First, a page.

Young people in a slum in Kolkata

An international issue

New diseases may emerge in developing countries – but they won’t stay there

Most infectious diseases that pose a global threat – including avian flu, HIV, Ebola, chikungunya and dengue haemorrhagic fever – originated in developing countries.

Living conditions are key factors. In poorer countries people often live in close contact with animals, creating opportunities for animal diseases to spread to humans. The destruction caused by natural disasters can also create the unsanitary conditions in which diseases spread. Cholera, for example, spreads in drinking water contaminated with human waste.

In resource-poor countries many aspects of healthcare may be inadequate – treatment, diagnosis, disease monitoring and disease control. With large numbers of people moving into crowded urban slums with insufficient sanitation, healthcare and clean water, new infections can soon become endemic.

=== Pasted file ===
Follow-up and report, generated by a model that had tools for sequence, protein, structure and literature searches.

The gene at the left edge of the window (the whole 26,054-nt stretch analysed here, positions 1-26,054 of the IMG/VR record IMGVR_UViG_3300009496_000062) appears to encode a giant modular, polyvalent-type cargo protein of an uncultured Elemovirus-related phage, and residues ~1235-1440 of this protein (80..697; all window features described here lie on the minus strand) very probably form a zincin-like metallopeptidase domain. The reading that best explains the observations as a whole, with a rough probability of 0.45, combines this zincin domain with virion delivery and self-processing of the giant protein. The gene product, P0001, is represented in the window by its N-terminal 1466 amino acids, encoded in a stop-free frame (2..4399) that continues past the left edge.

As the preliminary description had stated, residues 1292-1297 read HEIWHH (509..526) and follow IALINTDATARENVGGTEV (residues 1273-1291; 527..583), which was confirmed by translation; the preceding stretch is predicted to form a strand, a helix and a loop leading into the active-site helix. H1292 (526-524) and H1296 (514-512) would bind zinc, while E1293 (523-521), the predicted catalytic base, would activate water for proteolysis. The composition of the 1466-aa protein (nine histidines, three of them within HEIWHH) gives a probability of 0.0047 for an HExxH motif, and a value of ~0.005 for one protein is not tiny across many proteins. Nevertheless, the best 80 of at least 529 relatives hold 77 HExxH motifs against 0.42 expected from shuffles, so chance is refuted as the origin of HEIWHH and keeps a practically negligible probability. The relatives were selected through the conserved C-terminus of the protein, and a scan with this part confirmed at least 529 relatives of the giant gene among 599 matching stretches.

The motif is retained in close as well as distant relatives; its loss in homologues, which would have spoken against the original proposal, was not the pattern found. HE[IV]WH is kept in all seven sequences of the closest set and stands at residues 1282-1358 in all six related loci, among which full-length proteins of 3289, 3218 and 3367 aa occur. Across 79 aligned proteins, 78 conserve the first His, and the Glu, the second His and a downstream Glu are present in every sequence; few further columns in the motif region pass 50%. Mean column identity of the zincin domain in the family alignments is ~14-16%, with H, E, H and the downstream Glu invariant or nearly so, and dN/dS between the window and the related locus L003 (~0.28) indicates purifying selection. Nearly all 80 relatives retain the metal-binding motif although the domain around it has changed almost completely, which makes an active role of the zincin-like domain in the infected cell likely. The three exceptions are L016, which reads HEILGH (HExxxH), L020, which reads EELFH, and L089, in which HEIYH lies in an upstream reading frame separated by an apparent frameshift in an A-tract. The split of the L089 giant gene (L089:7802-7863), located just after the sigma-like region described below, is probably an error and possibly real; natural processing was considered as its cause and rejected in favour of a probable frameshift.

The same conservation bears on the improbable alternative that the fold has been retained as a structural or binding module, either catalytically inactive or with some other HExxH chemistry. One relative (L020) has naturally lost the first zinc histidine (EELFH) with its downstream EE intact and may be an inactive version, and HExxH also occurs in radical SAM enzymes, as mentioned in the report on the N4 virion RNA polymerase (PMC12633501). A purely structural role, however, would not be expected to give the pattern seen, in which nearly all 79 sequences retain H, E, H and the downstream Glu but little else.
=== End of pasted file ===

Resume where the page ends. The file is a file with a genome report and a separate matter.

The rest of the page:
Education and cultural traditions can also play key roles. In the 2014 Ebola epidemic a lack of local knowledge about disease transmission combined with practices that included washing and burying deceased family members helped the disease to spread.

International travel and trade can spread infections globally. HIV/AIDS escaped detection and has grown into one of humankind’s worst ever pandemics.

Poor health hurts countries economically – and poverty has a huge impact on health. This vicious cycle ensures that new diseases will continue to emerge and spread.

Lead image:

Young people in a slum in Kolkata.

Wolfgang Sturneck/Flickr CC BY NC ND


Further reading

About this resource

This resource was first published in ‘Epidemics’ in September 2007 and reviewed and updated in January 2015.

Health, infection and disease, Immunology
Education levels:
16–19, Continuing professional development